Watch CBS News

EPA to require Norfolk Southern to test for dioxins at site of East Palestine train derailment

Residents demand answers on Ohio train derailment
East Palestine residents demand answers on toxic train derailment 02:06

In response to health and safety concerns from residents of East Palestine, Ohio, the Environmental Protection Agency announced Thursday it will requir Norfolk Southern to test the site of the fiery train derailment for dioxins, the agency announced. 

The EPA said it will order an immediate cleanup of the area if dioxins that pose "unacceptable risk to human health and the environment," are found in the area, the agency said in a news release, adding that it would oversee any possible cleanup. 

Norfolk Southern will also be required to conduct a background study that compares dioxin levels around East Palestine, to dioxin levels in other areas not impacted by the Feb. 3 derailment, the EPA said. 

EPA Administrator Michael Regan said he came to his decision after speaking directly with East Palestine residents. 

"Over the last few weeks, I've sat with East Palestine residents and community leaders in their homes, businesses, churches, and schools," Regan said in a statement. "I've heard their fears and concerns directly, and I've pledged that these experiences would inform EPA's ongoing response efforts." 

The EPA said that as of Feb. 28, the agency has collected air, soil and water samples from the potentially impacted area to test for "indicator chemicals" such as chlorobenzenes and chlorophenols that would suggest the potential for the release of dioxins attributed to the derailment.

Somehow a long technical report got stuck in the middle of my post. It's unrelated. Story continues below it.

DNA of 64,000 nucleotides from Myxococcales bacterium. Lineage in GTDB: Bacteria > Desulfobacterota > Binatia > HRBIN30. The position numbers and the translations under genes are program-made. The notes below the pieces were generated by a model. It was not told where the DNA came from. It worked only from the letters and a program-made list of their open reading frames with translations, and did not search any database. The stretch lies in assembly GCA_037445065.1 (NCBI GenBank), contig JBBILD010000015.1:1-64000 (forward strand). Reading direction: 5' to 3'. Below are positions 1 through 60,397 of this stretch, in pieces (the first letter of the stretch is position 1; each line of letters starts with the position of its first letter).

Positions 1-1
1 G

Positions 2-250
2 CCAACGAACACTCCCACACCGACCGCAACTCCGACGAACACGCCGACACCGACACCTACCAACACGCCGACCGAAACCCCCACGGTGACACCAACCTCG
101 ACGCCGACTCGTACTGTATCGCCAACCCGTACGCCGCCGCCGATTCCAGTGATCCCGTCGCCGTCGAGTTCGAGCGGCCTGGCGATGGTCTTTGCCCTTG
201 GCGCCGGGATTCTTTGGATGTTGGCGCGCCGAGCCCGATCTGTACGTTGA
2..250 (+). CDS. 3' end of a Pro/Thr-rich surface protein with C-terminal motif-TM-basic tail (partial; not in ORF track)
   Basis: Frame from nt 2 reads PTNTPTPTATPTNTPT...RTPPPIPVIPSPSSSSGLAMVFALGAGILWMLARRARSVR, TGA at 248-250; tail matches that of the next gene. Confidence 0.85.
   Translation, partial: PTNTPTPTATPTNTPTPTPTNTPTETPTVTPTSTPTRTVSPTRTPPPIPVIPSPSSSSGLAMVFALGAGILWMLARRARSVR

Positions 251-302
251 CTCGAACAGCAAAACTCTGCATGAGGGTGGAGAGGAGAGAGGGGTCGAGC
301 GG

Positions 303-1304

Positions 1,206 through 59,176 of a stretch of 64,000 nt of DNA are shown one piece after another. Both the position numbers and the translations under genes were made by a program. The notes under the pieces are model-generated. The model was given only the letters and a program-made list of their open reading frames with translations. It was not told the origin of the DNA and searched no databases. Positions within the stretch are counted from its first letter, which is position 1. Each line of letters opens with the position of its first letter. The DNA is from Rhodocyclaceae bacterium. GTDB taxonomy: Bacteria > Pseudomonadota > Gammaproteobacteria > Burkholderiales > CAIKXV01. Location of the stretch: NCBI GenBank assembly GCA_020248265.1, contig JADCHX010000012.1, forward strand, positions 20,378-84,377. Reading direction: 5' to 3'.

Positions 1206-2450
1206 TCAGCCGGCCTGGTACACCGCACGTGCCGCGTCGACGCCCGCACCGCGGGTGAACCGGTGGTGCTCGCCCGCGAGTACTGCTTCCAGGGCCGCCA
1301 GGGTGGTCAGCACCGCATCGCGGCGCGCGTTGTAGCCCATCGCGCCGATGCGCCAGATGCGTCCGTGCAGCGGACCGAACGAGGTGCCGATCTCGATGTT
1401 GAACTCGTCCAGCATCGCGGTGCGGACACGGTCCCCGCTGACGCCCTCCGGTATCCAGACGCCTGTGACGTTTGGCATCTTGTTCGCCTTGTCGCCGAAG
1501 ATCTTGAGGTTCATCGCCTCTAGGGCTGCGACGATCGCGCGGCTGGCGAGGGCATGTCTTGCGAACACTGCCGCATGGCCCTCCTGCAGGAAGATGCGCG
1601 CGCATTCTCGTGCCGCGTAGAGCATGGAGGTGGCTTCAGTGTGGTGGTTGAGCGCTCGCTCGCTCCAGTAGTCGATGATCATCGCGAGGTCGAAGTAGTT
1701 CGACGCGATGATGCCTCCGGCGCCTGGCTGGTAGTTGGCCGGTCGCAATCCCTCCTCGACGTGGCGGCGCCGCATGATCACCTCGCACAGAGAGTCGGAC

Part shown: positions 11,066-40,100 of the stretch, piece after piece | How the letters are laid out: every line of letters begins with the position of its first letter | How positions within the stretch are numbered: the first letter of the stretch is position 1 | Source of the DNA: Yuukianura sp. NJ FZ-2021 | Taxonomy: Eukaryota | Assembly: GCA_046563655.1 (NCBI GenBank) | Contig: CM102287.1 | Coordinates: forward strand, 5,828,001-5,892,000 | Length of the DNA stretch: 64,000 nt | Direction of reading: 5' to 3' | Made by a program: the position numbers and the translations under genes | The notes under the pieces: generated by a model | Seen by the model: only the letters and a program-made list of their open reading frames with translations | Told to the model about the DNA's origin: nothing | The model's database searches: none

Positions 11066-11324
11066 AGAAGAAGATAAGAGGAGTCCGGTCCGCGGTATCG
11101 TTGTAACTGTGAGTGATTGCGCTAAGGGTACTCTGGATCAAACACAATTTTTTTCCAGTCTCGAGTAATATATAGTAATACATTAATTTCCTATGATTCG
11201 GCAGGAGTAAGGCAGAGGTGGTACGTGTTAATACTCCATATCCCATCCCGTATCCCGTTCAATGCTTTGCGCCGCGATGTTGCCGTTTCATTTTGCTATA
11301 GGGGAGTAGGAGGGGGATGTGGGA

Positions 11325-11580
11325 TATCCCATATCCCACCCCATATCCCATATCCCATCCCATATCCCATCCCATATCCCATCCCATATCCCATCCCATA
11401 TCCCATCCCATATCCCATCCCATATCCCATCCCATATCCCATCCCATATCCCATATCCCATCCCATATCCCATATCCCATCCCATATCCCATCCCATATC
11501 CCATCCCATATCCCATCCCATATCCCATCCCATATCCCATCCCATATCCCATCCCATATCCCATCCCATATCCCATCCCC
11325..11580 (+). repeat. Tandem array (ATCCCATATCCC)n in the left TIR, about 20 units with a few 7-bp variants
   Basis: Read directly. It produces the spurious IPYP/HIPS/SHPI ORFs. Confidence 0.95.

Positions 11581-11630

No one was injured when 38 Norfolk Southern cars derailed Feb. 3 in a fiery, mangled mess on the outskirts of town, but as fears grew about a potential explosion due to hazardous chemicals in 10 of the derailed cars, officials evacuated the area. They later opted to release and burn toxic vinyl chloride from the tanker cars, sending flames and black smoke billowing into the sky again.

Federal and state officials have repeatedly alleged that it is safe for evacuated residents to return to the area, and that air testing in the town and inside hundreds of homes has not detected any concerning levels of contaminants. The state said the local municipal drinking water system is safe, and bottled water is available for those with private wells. Despite those assurances, many residents have expressed a sense of mistrust, or have lingering questions about what they have been exposed to and how it will impact the future of their families and communities. 

View CBS News In
CBS News App Open
Chrome Safari Continue
Be the first to know
Get browser notifications for breaking news, live events, and exclusive reporting.